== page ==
This I Believe

Christopher - Bigelow, Arkansas
Entered on October 23, 2006
Age Group: 18 - 30

Blood is Thicker Than Water

I believe that blood is thicker than water. This is a lesson my mom taught me through the 3 years that she stopped working to care for my elderly Grandmother.

My Grandma Moore came to live with us in the winter of 1999. She was 92 years old. She was small in stature, but big in heart. My Grandmother was very independent. She raised 10 children, and loved one man, who died of pneumonia some 12 years before I was born.

I was very close to my Grandma. The one time I made my Grandmother the most proud of me is when she watched me get saved. She had tears of joy. She gave me her family’s bible. I didn’t go to preschool; I stayed with her. I would sit in her lap and compete for attention. My opposition, who always lost, was a large jealous black and white house cat. When I was old enough to go to school, I would go to her house after wards. She would always have my favorite macaroni and cheese ready. Then she would change it from her shows to cartoons for me. I would tell her about my day as I ate, until my parents got off work at around 5:00.

My mom didn’t want my Grandmother to go to a nursing home, but wasn’t able to live on her own any more. So she came to live with us, bringing her most prized possessions; her clothes, her favorite dolls, and crochet works. All of these made the trip down to our spare bedroom. There wasn’t much different at first. But life got a little bit harder. We were still trying to spend the same amount of money without my mom working. My mom could no longer come to my sports games. I would look up at the stands to my dad sitting alone in his old blue coat and khaki cap. I wanted her there to watch me and I know she wanted to be there. We did get to go on summer vacation. Which wasn’t more than going to Lake Ouachita for a couple of days but it was always fun. Another thing we no longer did was driving around. On lazy Sunday’s, we used to just get in the Tahoe and drive around in the Ozark Mountains. My mom made the most sacrifices of all though. My Grandmother would always feel like she was imposing. So about once a week my mom would assure her she wasn’t and we wouldn’t have it any other way. My mother couldn’t leave the house unless she was going to the grocery store. She even had a monitor to listen to my Grandmother sleep. She would get up several times in the night to make sure she was ok. Then she would wake up in the mornings when my dad and I were getting ready for school. My mom would check my Grandmother’s blood sugar, give her 12 or more pills and give her breakfast. My mom wasn’t totally happy being so bound to the house. I never heard her complain thought. I also missed a few practices and hanging out with friends, when my mom and dad both had things to do in town.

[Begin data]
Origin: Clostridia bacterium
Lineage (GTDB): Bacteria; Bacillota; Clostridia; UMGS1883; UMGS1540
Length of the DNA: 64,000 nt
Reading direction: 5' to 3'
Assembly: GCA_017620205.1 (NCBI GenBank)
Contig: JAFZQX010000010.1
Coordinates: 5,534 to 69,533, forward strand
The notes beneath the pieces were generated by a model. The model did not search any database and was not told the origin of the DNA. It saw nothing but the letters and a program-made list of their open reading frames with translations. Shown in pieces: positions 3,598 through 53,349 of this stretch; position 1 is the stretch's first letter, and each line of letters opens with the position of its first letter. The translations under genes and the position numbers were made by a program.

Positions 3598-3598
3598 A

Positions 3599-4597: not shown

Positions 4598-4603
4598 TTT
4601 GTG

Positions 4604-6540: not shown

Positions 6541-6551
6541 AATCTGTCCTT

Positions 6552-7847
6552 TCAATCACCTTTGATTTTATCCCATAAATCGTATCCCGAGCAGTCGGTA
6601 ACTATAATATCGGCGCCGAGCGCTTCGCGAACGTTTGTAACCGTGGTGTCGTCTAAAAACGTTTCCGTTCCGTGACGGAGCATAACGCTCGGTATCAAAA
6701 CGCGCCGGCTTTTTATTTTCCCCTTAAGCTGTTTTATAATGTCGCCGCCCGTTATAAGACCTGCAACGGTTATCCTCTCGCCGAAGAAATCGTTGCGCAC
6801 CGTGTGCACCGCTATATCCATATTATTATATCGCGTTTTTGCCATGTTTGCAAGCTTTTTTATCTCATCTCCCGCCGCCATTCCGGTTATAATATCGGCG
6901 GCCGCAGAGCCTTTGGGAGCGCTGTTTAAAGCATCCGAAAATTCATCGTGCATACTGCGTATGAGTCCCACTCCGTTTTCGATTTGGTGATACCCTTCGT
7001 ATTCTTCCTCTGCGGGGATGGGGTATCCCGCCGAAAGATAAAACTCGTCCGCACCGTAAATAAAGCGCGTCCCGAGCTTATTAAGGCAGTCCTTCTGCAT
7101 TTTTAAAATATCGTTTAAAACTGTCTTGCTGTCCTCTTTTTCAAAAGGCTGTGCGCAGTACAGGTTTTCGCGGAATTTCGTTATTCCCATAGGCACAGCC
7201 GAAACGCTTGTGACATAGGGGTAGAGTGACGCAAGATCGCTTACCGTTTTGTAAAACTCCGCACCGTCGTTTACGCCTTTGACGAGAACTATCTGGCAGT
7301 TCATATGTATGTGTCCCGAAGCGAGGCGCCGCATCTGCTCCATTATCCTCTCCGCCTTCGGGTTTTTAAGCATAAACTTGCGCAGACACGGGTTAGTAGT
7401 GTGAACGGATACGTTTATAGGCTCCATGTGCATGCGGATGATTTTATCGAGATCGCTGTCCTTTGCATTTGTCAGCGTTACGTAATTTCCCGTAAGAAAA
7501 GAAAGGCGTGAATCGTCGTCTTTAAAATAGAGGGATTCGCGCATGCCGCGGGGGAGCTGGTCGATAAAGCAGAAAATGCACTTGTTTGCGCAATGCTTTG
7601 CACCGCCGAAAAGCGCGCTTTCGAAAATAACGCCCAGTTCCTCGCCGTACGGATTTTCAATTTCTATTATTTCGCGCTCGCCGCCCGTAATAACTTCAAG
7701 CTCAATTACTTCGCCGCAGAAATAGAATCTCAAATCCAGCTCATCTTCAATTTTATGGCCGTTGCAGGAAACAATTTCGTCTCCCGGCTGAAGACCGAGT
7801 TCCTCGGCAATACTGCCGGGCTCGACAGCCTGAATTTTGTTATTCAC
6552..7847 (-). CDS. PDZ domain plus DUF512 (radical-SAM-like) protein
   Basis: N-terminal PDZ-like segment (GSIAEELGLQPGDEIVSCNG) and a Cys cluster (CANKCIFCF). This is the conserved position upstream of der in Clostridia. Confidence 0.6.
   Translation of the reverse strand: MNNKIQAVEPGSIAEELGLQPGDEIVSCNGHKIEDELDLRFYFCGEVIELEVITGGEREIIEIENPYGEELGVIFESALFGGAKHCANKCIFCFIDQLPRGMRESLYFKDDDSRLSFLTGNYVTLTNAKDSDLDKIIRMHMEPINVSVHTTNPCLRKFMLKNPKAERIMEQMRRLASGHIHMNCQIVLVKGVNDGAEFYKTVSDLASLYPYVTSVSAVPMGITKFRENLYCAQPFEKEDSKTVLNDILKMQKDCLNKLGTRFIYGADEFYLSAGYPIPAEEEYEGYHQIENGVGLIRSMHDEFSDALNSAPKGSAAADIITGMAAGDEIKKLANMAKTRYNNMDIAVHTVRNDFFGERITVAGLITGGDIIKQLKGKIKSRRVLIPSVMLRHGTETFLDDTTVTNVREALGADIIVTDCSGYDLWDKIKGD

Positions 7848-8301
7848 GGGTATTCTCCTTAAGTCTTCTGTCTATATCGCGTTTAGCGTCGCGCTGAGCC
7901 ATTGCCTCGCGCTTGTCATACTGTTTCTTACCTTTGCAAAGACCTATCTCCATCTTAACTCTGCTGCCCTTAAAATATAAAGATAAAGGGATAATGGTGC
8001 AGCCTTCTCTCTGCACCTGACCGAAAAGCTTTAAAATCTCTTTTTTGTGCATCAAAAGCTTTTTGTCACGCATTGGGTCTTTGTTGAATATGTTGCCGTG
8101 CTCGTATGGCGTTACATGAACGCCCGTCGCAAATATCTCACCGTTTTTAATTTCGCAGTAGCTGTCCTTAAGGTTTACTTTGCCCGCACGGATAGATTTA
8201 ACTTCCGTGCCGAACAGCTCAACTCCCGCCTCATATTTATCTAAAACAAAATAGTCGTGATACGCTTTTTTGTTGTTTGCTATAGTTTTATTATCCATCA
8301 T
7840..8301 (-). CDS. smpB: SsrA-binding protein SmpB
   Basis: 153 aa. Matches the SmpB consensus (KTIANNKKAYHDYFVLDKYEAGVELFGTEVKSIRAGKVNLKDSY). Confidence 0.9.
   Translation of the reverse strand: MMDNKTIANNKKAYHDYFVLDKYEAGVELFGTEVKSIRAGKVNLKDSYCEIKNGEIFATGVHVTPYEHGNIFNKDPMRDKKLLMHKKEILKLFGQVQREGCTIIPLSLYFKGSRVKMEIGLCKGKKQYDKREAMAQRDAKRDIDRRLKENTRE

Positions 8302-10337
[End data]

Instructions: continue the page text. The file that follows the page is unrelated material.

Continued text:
It was difficult for everyone watching my Grandmother age so quickly. The Grandmother I knew was creative with inventions and crocheting. She had to stop because she couldn’t see well enough anymore. She used to be self reliant but now it hurt her too much to walk. She couldn’t fix her own meals and work in the garden. Her memory was failing she could tell you what happened 20 years ago, but she would tell that story twice. Her short term memory wasn’t anything like it used to be. She used to be active, but now she just read her giant print bible with her magnifying glass. I still loved time I spent with her though. She would tell me stories about seeing the first car, getting electricity, and living through the depression.

My mom taught me that blood is thicker than water by doing what ever it takes, to take care of our family member. Your family will love you when you are down and take care of you when you are sick. They will help you even though it might not be easy. So I try hard to keep up with my family and know what’s going on in their lives so I can be there for them, too. There were a few hardships we went through, but it was all worth it. Helping a close family member like we did is some thing most people are not able to do. There is a certain pride and good feeling that comes from that.